He says: "We brought our backgrounds, our experiences and our traditions. We were writing about the kind of things we knew or felt or dreamed of. An authenticity came and wiped away the middle-class, like [Terence] Rattigan - a marvelous writer, but the audiences didn't want that any more."
He no longer goes to the theatre as much as he did, perhaps twice a month, but he still teaches playwrighting from his sitting room. He reveals that he gets up at 5am to write. "There's something about the stillness of that time. The only thing I can hear is the foxes screaming."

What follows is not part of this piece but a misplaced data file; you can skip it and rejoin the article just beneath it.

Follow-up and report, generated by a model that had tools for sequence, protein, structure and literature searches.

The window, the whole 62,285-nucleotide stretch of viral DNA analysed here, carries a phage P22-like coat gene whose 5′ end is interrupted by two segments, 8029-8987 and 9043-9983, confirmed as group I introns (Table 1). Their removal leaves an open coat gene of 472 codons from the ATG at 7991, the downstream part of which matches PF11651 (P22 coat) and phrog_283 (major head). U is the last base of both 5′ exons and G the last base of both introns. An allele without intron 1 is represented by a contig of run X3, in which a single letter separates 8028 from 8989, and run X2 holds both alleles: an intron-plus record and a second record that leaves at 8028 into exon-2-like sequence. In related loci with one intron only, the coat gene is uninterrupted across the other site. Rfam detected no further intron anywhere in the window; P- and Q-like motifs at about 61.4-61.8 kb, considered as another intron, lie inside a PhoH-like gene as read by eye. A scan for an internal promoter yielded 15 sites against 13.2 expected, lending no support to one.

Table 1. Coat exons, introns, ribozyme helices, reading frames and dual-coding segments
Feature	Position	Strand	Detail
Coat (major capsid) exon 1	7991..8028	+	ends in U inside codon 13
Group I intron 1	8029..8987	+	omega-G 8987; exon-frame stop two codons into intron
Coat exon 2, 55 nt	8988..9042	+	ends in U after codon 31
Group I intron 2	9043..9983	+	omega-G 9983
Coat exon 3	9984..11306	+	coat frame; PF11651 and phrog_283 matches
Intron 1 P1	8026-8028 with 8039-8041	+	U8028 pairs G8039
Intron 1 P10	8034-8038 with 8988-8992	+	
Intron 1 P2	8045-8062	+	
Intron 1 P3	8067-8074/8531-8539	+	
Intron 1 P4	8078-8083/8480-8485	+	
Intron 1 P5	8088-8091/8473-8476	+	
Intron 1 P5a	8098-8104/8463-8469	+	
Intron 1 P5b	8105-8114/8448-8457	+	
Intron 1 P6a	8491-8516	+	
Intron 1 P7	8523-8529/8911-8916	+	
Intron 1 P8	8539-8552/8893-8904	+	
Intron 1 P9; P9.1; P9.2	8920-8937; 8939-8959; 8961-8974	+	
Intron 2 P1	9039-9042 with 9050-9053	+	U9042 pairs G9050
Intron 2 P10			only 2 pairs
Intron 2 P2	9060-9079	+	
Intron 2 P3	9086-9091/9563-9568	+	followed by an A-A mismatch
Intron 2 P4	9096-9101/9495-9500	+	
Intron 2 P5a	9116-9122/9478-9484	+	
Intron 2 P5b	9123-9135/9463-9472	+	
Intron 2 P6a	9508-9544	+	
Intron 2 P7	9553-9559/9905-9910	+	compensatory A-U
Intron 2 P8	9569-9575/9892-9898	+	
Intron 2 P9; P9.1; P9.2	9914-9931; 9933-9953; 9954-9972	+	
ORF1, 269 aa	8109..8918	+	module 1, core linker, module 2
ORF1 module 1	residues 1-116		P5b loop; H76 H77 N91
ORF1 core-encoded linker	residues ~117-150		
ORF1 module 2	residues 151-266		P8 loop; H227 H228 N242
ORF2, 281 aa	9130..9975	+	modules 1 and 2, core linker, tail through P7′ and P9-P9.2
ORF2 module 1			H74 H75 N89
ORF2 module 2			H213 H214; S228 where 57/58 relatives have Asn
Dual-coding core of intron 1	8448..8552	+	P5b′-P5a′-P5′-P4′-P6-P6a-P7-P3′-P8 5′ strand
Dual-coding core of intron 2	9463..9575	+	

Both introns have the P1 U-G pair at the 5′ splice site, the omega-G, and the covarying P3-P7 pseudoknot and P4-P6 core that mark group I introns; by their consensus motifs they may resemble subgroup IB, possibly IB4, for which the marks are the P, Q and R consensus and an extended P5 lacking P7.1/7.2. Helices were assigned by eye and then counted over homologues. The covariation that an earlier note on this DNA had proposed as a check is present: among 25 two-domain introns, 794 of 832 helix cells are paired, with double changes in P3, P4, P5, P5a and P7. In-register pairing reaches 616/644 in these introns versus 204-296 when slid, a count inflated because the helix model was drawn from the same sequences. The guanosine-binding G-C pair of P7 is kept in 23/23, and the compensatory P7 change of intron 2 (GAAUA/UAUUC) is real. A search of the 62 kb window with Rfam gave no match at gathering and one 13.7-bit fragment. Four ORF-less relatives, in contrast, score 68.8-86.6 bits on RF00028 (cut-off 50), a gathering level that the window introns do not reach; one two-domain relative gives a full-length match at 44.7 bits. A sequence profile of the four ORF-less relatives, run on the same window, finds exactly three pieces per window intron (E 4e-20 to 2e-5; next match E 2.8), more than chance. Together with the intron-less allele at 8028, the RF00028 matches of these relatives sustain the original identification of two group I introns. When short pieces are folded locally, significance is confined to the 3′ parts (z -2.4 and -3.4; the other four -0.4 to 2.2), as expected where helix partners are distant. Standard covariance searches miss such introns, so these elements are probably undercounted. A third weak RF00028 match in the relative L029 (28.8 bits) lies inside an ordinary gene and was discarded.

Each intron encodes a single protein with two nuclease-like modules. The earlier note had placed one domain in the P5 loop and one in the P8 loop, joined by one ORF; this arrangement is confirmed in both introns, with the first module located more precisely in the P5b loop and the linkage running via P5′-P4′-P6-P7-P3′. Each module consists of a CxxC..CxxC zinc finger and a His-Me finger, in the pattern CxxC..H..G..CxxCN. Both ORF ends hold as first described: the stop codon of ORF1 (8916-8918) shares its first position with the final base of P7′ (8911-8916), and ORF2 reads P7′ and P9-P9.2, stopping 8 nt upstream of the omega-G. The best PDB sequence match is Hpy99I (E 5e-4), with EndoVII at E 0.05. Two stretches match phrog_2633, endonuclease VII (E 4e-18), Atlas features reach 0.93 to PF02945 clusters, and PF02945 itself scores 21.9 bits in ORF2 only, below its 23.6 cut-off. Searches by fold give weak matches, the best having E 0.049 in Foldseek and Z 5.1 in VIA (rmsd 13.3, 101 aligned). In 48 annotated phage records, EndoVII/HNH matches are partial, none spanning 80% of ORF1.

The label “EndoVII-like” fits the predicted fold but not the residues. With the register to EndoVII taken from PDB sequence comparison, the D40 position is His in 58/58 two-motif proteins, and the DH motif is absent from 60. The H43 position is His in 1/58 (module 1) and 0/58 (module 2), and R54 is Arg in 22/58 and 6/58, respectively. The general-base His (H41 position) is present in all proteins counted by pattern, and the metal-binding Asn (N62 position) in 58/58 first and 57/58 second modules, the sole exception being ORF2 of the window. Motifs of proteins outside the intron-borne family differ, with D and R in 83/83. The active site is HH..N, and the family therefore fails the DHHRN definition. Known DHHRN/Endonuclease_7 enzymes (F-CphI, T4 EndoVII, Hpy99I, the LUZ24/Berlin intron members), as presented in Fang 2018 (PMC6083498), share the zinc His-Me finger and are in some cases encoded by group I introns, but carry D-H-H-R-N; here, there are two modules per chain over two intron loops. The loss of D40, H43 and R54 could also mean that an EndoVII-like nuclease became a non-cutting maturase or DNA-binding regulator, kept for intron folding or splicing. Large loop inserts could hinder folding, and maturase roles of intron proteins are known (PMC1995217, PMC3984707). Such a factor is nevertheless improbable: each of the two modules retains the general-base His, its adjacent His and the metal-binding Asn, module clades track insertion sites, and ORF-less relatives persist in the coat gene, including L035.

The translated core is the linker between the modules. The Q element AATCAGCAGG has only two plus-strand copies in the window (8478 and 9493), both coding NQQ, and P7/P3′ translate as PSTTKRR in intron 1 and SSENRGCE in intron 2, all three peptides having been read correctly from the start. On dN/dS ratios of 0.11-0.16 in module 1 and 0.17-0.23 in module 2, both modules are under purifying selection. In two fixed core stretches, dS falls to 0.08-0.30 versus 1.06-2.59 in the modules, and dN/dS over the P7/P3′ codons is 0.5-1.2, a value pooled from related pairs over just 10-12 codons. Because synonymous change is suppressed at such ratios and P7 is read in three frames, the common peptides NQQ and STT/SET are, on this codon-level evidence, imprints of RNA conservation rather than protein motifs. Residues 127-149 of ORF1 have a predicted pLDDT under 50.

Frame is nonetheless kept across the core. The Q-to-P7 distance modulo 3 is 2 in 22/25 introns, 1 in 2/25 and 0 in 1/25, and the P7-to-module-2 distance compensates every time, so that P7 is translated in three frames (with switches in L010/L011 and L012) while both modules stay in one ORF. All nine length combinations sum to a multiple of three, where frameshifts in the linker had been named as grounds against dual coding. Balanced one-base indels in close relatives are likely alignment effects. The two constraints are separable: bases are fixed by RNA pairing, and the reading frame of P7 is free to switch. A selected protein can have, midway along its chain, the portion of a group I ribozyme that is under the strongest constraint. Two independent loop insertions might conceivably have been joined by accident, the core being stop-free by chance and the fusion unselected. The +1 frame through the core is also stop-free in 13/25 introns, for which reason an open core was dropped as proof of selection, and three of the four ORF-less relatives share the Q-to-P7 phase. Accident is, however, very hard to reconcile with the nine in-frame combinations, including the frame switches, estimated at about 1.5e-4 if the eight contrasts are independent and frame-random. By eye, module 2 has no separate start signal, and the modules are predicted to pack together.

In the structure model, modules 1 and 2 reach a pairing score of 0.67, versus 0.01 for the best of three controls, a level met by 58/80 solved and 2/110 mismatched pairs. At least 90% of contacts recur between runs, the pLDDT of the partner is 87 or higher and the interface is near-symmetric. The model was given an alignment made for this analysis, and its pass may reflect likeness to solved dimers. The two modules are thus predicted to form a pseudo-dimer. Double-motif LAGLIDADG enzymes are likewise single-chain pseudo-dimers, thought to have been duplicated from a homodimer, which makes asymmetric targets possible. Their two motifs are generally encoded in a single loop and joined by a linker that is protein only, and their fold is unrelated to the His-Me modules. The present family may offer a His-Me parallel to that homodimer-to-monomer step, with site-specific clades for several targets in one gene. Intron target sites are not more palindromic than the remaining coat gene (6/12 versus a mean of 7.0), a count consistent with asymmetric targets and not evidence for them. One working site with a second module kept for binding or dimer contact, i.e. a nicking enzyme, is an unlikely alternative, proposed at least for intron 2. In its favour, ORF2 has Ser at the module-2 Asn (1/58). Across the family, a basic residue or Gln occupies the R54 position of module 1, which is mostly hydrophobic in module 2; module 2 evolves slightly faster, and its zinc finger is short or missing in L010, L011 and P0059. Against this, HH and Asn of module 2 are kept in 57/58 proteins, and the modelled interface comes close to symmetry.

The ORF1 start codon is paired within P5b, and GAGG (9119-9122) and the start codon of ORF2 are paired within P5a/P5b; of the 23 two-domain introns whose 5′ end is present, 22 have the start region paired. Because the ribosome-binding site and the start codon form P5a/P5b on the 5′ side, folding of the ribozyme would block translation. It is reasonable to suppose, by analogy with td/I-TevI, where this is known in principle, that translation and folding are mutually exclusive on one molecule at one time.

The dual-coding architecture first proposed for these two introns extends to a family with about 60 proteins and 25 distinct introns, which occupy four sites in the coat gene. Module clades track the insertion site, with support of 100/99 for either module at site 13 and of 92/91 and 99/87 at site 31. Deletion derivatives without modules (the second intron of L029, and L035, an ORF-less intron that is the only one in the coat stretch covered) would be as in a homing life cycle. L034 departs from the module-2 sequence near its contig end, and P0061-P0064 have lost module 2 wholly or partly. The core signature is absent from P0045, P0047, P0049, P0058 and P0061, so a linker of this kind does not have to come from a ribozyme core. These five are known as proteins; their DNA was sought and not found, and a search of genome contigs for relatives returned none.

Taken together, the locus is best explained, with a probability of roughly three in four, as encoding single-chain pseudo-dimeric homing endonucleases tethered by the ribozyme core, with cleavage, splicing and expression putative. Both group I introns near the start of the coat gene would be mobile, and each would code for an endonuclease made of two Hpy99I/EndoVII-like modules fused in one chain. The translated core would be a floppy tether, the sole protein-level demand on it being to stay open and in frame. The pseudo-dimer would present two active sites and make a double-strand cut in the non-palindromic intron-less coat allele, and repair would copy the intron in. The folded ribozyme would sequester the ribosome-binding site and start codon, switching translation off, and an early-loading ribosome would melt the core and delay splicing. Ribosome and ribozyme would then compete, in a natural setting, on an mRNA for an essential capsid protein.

He thinks that the enduring quality of his work is simply that "I just love people". He is constantly watching what goes on around him and says that he can go out for coffee with Erica and suddenly have an idea but has to write it all over his arm as he often forgets to bring paper. "I never trust memory," he says.
As the interview draws to a close, the phone rings. It is his granddaughter. It seems that his family, of which he is so proud, is never far away.